Everybody dreams of a Universal Camera … well that’s what Kodak said in an advertisement for their new camera, the Kodak Tourist. The Tourist line (ok, a line to two models) were the last of the folders that they produced. The first model was in production between 1948 – 51.
In my opinion, they were big and ugly … but many Kodak cameras were no deigned to be awesomely attractive … after all, they are primarily a film company. Both were designed with an aluminum body, a plastic top cover, and covered on the outside with Kodadur leather (yeah, they had their own special brand of synthetic leatherette).
Both were medium format folders that used 620 film and produced eight 6×9 exposures. FYI, 620 is the same stock size as 120 except that it wound on a thinner spool. Different variations different shutter and lens combinations … Kodon+Kodet, Diomatic+Anaston, Synchro-Rapid+Anastar. The ones I happen to have came with the Kodon shutter that had a three settings, I, B, and T. the I was about 1/60s. The aperture ranged from f/12.5 to 32. The Kodet lens is a fixed focus single element 86mm focal length.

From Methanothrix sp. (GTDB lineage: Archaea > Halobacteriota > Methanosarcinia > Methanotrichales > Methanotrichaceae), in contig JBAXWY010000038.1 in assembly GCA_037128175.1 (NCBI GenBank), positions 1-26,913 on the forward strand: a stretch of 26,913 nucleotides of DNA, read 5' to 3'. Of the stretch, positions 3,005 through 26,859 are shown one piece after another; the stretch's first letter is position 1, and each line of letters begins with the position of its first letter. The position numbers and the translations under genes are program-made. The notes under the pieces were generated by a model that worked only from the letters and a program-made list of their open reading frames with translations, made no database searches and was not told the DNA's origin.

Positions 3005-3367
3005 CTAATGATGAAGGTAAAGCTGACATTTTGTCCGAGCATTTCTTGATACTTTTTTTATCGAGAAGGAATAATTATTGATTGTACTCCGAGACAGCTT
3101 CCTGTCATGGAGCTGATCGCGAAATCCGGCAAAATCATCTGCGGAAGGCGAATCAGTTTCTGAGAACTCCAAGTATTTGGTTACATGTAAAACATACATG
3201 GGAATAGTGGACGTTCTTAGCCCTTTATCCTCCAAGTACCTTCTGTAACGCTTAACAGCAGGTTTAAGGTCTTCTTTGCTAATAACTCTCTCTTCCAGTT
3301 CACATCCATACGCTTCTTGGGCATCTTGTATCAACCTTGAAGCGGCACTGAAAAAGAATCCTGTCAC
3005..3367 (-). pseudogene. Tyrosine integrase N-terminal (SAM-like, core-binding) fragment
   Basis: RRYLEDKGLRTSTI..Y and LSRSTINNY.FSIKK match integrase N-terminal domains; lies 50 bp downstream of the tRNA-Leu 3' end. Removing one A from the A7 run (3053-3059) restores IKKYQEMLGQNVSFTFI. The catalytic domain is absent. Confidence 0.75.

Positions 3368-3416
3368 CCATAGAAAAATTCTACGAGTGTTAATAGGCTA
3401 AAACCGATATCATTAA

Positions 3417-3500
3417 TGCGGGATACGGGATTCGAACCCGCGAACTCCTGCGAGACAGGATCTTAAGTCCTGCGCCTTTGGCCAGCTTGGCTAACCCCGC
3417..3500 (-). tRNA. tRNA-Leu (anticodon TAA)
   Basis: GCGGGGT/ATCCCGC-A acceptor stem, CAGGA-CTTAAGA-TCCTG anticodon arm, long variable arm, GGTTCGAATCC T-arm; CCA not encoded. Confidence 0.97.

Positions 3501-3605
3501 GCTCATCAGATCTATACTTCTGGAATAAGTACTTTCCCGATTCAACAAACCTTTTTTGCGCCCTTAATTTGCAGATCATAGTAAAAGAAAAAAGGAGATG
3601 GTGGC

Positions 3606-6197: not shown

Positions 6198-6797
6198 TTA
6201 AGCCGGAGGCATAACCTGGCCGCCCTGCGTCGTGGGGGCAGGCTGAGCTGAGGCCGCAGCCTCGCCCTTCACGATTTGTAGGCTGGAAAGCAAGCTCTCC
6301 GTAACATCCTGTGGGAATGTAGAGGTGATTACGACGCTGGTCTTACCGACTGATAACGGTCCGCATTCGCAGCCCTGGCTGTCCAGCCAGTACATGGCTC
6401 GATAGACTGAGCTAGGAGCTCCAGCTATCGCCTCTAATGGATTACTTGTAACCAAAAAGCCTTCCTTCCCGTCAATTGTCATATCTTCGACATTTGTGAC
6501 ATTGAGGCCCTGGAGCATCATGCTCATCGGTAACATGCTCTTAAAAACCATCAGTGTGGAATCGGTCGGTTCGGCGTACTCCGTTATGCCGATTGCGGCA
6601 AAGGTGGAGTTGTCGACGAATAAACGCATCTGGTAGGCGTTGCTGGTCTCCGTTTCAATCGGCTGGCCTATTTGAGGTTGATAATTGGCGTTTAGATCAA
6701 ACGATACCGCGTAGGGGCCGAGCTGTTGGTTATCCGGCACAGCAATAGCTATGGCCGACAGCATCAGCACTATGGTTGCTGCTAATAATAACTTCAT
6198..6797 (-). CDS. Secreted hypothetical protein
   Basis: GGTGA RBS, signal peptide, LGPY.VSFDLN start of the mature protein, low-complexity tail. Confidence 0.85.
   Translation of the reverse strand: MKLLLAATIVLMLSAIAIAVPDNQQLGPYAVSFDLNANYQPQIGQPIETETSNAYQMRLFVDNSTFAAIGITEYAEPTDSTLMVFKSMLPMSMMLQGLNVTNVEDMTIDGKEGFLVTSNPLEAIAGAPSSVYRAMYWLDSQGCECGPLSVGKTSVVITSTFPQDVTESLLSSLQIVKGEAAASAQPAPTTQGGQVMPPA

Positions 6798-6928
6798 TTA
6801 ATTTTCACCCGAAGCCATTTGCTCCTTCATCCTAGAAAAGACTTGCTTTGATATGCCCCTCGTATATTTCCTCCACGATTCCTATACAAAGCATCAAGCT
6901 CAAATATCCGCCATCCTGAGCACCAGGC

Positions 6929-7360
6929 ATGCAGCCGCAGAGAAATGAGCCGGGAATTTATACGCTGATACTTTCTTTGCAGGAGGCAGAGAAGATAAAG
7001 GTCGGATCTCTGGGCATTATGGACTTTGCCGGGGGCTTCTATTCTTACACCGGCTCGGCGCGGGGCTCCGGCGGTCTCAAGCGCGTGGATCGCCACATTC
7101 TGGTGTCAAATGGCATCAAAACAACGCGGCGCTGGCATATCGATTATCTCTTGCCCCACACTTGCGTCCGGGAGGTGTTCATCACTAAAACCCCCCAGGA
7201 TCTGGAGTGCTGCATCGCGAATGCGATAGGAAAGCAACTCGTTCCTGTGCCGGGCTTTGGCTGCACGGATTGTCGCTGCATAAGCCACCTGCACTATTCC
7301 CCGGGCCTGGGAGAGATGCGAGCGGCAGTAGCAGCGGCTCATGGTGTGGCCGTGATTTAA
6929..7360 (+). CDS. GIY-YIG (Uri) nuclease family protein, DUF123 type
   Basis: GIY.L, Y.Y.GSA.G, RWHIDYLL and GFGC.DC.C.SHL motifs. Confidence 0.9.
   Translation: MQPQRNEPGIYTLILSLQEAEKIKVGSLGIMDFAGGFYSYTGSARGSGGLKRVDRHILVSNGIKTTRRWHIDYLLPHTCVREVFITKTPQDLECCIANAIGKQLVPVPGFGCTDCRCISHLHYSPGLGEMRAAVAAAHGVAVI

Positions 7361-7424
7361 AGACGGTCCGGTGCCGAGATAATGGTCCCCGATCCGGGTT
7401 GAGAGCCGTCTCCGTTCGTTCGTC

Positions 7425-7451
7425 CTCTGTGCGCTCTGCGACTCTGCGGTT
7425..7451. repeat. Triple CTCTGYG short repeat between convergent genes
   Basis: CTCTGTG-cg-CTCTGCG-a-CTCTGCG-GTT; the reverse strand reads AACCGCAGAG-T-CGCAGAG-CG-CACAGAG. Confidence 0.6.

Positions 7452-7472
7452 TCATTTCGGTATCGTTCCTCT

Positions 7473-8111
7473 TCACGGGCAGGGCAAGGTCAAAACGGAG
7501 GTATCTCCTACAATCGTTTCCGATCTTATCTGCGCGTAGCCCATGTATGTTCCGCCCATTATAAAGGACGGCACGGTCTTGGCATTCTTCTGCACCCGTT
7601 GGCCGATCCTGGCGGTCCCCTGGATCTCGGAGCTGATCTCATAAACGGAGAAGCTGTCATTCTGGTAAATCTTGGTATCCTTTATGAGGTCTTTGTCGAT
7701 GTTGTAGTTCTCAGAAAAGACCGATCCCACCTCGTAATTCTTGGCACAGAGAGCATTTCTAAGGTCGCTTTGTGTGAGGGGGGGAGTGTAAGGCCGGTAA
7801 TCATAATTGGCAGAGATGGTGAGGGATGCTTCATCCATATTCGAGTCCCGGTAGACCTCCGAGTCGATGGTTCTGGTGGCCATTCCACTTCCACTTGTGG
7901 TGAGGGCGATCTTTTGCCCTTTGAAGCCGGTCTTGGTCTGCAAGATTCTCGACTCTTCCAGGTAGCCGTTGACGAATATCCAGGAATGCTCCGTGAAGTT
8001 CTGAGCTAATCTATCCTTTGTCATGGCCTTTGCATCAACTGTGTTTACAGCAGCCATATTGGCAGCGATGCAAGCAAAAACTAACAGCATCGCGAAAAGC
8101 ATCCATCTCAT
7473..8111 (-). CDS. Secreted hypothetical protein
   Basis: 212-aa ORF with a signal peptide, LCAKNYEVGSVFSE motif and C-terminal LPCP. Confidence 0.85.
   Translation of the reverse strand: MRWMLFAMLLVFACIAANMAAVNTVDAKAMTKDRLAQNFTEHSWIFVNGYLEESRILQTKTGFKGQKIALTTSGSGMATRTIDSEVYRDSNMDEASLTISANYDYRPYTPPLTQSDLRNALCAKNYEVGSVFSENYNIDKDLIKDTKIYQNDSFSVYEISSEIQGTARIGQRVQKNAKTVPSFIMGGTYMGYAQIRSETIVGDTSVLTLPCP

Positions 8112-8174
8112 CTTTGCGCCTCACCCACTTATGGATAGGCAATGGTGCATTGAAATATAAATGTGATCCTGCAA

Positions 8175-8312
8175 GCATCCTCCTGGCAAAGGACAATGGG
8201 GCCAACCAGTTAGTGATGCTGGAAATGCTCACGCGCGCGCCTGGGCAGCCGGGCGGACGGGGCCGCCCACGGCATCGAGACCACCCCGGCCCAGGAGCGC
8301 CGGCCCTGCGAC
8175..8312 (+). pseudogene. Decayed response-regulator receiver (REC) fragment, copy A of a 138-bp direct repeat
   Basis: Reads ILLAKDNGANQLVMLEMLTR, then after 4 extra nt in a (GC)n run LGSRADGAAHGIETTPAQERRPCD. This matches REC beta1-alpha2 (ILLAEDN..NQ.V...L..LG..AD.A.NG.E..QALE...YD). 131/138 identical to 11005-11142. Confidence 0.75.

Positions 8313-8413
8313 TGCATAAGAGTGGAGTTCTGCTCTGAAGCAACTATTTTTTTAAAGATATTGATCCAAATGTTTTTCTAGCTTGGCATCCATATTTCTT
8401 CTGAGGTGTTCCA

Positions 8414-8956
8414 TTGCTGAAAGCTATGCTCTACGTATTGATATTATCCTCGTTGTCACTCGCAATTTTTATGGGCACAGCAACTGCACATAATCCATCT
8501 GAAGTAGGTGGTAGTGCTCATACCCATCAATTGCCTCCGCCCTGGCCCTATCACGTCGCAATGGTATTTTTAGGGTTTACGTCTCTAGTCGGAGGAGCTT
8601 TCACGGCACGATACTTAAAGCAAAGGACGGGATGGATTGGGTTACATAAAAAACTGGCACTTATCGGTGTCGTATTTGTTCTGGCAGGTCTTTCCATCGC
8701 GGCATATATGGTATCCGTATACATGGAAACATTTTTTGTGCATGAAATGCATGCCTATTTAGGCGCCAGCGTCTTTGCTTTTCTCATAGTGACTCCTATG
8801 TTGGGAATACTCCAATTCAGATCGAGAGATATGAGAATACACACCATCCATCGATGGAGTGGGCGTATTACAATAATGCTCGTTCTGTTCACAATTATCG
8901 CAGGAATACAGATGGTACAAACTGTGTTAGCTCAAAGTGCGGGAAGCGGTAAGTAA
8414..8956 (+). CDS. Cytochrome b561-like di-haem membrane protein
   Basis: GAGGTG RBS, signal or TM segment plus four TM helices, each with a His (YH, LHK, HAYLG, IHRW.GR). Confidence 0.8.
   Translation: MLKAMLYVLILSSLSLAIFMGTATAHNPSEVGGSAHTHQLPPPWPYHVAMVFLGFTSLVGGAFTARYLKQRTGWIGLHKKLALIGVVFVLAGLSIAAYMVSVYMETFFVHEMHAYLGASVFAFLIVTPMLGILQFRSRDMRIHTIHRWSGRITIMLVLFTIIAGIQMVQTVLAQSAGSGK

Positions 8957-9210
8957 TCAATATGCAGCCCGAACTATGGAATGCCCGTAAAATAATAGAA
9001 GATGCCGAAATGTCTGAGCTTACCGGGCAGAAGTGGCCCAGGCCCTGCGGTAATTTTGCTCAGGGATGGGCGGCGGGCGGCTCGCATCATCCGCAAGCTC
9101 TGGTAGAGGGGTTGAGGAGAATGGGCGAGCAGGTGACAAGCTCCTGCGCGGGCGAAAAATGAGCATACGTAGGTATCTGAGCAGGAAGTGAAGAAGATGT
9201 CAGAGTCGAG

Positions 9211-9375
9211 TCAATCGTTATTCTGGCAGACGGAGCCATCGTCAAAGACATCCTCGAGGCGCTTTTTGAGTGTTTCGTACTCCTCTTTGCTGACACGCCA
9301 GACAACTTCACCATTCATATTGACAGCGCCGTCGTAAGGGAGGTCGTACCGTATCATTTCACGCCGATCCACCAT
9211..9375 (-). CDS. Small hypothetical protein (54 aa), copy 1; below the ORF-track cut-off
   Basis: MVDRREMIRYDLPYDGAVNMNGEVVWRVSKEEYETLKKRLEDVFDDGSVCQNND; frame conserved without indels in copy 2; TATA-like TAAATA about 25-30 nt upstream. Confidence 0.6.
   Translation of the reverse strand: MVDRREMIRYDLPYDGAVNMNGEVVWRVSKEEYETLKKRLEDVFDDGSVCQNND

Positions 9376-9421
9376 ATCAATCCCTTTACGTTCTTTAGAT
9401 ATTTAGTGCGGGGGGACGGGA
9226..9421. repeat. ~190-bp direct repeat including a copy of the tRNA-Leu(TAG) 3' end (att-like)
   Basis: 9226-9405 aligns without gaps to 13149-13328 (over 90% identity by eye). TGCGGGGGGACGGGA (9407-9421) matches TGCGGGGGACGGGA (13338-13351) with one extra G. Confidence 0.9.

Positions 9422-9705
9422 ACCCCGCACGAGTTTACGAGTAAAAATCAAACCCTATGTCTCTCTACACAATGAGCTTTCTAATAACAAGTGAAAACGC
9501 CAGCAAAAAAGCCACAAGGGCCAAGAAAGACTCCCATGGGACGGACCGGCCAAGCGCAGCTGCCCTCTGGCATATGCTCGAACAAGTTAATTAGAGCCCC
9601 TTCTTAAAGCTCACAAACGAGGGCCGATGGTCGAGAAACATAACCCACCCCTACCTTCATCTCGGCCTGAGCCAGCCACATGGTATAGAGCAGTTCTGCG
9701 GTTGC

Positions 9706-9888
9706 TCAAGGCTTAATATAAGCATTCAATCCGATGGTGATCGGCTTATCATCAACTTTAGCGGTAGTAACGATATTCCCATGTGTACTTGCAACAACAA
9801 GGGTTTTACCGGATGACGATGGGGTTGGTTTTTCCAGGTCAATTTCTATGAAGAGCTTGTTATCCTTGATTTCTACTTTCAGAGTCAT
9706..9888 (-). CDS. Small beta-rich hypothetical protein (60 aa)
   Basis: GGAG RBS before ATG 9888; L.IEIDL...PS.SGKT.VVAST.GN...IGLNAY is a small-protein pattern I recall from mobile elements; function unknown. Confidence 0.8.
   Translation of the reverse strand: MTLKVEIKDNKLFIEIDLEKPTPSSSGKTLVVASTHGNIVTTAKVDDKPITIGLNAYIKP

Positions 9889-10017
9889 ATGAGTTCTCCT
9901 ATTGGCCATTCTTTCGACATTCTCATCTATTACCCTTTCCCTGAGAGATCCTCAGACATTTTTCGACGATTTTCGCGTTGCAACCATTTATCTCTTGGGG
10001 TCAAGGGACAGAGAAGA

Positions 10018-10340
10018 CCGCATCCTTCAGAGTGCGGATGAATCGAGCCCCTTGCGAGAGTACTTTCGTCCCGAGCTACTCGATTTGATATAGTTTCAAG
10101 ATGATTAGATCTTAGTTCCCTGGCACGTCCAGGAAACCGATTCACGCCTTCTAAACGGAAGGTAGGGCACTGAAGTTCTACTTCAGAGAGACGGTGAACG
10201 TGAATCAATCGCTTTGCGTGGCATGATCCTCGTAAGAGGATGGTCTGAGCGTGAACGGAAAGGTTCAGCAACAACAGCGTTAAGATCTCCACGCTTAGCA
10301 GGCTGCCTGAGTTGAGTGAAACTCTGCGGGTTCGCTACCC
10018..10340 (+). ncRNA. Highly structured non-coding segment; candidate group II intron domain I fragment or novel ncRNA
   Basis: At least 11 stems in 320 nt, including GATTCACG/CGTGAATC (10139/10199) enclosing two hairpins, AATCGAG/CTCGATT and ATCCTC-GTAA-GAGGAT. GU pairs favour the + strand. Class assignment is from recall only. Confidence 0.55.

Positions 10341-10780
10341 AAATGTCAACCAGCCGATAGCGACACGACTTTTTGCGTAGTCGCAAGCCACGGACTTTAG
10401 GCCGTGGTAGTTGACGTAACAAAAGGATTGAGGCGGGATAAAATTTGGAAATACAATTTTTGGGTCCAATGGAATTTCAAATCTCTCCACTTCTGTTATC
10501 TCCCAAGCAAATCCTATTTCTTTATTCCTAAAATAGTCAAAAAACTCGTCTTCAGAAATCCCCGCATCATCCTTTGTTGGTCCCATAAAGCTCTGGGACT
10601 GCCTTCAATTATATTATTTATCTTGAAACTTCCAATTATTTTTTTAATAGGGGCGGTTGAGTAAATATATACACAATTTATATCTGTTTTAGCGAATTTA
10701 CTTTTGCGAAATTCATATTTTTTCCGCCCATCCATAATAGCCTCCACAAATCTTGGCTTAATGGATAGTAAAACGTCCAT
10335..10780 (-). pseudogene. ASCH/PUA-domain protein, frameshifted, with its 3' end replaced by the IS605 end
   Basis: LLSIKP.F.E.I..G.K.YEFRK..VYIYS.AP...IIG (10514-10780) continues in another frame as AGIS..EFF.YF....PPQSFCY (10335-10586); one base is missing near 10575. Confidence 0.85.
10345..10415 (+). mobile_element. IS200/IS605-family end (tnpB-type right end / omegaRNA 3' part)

The models that I have received came with a fixed focus single element Kodet 86mm f/12.5 lens in Flash Kodon shutter app. 1/50 sec plus bulb and time
The “universal” thing about the camera was the adapter kit … “4 picture sizes with 1 camera”. It allowed the camera to shoot in different formats and even use different film … Bantam 828 film, half 620, square 620, full 620.
As you can notice in the image (that one to the left), the film back can be removed because it is double hinged.
The second model, which happens to be called the Tourist II had some slight modifications … made between 1951 – 58, and was the last of the Kodak folders.